Governor Youngkin’s recently released Virginia Energy Plan offers a bold new direction for Virginia. He embraces one of the cleanest, most reliable sources of energy in the world: nuclear.
As a recent Dominion Energy retiree who worked in the nuclear group for 37 years, I have seen firsthand the immense benefits and potential of nuclear power. The governor’s “moonshot” would put our commonwealth, especially rural localities in Southwest Virginia, in the driver’s seat yet again for an emerging source of energy innovation. (Disclosure: Dominion is one of our donors but donors have no say in news decisions; see our policy).
Leaders from both political parties have recognized new and existing nuclear technologies must play a central role in securing America’s clean energy goals and maintaining grid security and reliability.
Governor Youngkin acknowledged this during his recent visit to Southwest Virginia where he toured the Energy DELTA Lab site and met with stakeholders to discuss how nuclear and other clean energy solutions can be placed there. He also discussed his desire to work with private industry partners to capitalize on existing technology to produce nuclear generated electricity in Southwest Virginia in the next ten years.
Thankfully, we are fortunate in Virginia to be home to some of the most experienced companies in the nuclear industry, including Framatome, BWX Technologies, and the Norfolk Naval Station — all of which have been operating for decades. Dominion Energy has also safely operated the North Anna and Surry nuclear power stations for over 40 years. The two plants are the largest supplier of emission-free electricity in Virginia, emitting no greenhouse gases and combined provide the commonwealth with nearly a third of our electrical supply.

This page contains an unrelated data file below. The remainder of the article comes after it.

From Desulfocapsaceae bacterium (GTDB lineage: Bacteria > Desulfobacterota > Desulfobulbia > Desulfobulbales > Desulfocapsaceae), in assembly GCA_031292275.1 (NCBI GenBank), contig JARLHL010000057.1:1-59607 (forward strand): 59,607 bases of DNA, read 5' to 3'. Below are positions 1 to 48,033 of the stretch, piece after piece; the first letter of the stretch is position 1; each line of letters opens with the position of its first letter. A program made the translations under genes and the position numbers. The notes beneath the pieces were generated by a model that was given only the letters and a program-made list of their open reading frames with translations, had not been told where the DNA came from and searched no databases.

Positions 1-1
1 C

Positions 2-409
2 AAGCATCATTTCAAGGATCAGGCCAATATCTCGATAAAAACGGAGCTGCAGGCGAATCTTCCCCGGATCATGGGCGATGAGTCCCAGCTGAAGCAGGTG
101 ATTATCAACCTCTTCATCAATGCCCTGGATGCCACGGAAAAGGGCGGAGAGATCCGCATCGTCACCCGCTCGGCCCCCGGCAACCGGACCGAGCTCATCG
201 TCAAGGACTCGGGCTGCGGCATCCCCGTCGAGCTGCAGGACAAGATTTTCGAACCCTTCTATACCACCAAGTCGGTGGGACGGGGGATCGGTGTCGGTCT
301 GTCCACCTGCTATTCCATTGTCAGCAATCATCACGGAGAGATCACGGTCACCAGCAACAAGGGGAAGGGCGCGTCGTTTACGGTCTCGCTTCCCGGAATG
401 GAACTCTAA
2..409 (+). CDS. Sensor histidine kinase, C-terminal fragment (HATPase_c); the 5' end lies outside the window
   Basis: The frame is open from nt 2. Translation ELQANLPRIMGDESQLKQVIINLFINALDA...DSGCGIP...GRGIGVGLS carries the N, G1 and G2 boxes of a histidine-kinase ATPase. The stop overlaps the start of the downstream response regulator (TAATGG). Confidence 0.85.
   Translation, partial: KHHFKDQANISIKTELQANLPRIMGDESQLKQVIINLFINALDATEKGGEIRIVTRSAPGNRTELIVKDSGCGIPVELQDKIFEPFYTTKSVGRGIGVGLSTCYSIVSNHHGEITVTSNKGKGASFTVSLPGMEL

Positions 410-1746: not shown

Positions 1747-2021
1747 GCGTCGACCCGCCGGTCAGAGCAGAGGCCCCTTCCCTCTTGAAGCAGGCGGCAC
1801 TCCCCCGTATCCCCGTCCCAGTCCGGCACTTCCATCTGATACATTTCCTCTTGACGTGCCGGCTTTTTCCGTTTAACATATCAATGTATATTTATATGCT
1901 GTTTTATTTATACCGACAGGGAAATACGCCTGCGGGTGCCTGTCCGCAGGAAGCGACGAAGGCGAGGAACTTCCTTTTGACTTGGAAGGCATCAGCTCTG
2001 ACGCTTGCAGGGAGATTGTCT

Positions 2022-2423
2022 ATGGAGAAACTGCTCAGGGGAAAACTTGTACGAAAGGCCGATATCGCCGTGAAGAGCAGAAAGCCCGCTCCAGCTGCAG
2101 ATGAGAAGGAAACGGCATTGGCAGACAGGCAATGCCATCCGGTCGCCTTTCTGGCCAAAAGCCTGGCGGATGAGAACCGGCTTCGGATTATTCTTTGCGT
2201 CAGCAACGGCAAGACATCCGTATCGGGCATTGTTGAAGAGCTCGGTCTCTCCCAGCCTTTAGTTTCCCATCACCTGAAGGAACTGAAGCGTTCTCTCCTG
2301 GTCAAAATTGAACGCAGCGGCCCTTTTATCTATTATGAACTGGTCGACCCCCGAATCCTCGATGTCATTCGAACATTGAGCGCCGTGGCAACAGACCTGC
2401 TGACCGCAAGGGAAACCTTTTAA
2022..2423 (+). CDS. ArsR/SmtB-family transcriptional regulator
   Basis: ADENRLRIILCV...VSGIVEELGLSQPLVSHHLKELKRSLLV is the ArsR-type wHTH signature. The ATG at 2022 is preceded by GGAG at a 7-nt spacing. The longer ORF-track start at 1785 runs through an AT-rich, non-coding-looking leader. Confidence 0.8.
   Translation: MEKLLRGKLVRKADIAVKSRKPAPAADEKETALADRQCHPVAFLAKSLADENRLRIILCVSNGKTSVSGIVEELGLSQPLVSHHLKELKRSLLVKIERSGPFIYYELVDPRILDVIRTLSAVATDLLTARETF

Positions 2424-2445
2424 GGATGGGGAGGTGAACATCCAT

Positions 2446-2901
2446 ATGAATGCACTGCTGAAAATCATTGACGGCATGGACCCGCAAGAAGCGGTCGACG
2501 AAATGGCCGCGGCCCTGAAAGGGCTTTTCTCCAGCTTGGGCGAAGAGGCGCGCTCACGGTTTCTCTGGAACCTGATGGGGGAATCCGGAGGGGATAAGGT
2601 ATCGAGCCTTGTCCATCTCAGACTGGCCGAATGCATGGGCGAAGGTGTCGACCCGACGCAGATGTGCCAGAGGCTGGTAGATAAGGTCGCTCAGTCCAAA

While opponents have been quick to cite the disposal of spent nuclear fuel as a major concern, I can attest the problem with storing it is not a technological problem – it’s political. Employees undergo countless hours of training and are well-equipped to carry out their duties with military-like precision.
After all, nearly 20 percent of nuclear utility employees are veterans. These workers store the spent fuel safely and securely in concrete and steel casks primarily on the grounds of operating reactors, and it poses no threat.
With these benefits in mind, I applaud the Governor for not just saying nuclear is important but for proposing a plan to expand Virginia’s nuclear portfolio by building small modular reactors (SMR).
These advanced reactors are just as safe as larger plants but have smaller physical footprints, allowing them to be constructed in areas unsuitable for large reactors, like abandoned mine lands in Southwest Virginia. With his continued support, we can take advantage of existing clean energy technology to enhance our already impressive nuclear industry that employs an estimated 100,000 people and provides billions in revenue in Virginia.
From both an economic growth and human welfare perspective, our commonwealth’s nuclear energy supply is essential to our future. Virginia is currently a net importer of energy. With a Governor intent on bringing back jobs and growing Virginia’s population, we can expect our energy consumption to continue to rise.
Expanding our nuclear energy capabilities is the only way to ensure we maintain the clean, reliable, affordable energy grid that the market demands.
I hope the public and the rest of our elected leaders will also embrace nuclear energy innovation and the countless benefits that come with it.